The officer who commanded the guided-missile destroyer Fitzgerald during its fatal 2017 collision won’t go before a Navy Board of Inquiry after all.

Cmdr. Bryce Benson was notified by officials late last month, according to his attorney, Cmdr. Justin Henderson.

Lt. Cmdr. Adam Cole, a spokesman for the Chief of Naval Personnel, declined to comment on the development, citing “privacy concerns” about personnel matters.

It’s the latest twist in the case of Benson, who learned in September that he would appear before a panel convened to determine whether he should be punitively removed from the sea service for his role in the June 17, 2017, collision with the merchant vessel ACX Crystal off the coast of Japan.

Superiors administratively disciplined Benson after the collision and he was charged in early 2018 with negligent homicide in the death of seven shipmates, but military prosecutors withdrew those charges six months later.

Dogged by allegations that senior Navy leaders wielded unlawful command influence to keep Benson from getting a fair trial, prosecutors dropped dereliction of duty and hazarding a vessel charges in April of this year.

Benson’s quarters took a direct hit from the Crystal. He suffered head injuries and was found clinging to the side of the ship by crew members.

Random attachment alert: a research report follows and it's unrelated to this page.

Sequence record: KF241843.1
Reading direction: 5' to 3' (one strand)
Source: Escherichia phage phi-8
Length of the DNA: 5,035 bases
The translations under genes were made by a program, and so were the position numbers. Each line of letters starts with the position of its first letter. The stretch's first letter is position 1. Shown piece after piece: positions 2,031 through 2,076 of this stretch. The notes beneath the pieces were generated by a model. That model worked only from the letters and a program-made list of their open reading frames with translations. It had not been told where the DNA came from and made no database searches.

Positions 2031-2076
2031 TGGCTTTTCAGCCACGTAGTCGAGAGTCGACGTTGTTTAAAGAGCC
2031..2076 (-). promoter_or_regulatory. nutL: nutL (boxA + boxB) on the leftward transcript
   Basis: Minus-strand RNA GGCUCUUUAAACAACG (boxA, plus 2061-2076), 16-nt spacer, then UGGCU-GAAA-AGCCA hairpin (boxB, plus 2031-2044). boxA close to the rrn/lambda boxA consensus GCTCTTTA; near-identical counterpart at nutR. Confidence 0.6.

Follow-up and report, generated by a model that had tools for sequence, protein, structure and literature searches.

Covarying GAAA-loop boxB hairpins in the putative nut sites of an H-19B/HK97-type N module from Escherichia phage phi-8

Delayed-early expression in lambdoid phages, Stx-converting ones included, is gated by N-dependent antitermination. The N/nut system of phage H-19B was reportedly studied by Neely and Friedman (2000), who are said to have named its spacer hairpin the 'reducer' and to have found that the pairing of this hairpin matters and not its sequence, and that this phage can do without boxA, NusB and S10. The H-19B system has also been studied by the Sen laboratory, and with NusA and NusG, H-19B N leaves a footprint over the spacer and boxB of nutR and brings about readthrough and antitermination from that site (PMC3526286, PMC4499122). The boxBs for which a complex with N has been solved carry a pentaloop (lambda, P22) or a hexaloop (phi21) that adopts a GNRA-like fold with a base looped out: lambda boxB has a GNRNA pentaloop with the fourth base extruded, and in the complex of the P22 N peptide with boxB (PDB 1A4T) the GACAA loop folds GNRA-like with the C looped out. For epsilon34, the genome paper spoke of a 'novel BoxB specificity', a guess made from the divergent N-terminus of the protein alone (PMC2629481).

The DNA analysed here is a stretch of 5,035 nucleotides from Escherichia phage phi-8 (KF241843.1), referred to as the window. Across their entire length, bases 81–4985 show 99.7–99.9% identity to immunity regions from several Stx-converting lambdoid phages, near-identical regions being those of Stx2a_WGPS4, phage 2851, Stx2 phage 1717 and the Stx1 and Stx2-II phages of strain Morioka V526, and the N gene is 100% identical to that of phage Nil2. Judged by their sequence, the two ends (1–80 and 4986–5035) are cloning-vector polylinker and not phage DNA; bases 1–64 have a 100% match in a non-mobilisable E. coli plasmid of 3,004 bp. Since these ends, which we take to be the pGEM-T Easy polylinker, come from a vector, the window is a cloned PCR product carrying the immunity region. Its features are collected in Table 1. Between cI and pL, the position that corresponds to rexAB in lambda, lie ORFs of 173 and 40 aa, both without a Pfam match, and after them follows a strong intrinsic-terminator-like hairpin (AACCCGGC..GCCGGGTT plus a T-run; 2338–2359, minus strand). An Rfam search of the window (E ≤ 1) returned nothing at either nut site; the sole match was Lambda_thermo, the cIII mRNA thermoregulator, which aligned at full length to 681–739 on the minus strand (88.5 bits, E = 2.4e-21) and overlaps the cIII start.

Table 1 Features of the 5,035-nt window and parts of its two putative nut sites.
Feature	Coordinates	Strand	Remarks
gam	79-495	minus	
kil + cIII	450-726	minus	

Although he’s officially assigned to Naval District Washington, Benson spends each day receiving treatment at Walter Reed National Military Medical Center, Henderson said.

A medical board already ruled Benson’s injuries rendered him unfit for duty and he’s filed for voluntary retirement, Henderson added.

Navy Secretary Richard V. Spencer could opt to retire Benson at a lower rank, trimming his pension and other benefits, but Henderson said they have no idea how the surface warfare officer’s case will be resolved.

“Under two different statutory and regulatory regimes, he is subject to retirement,” Henderson said. “Nobody’s getting anything from keeping him in the Navy.”

Henderson said he expects a final decision on Benson’s fate by the end of December.

After Benson’s criminal charges were withdrawn, Spencer issued a letter of censure against Benson.

Benson had planned to fight the allegations against him in public during a court-martial trial, but the decision by prosecutors to nix all criminal charges made that option impossible.

Instead, Benson’s legal team released an 18-page rebuttal to Spencer’s letter.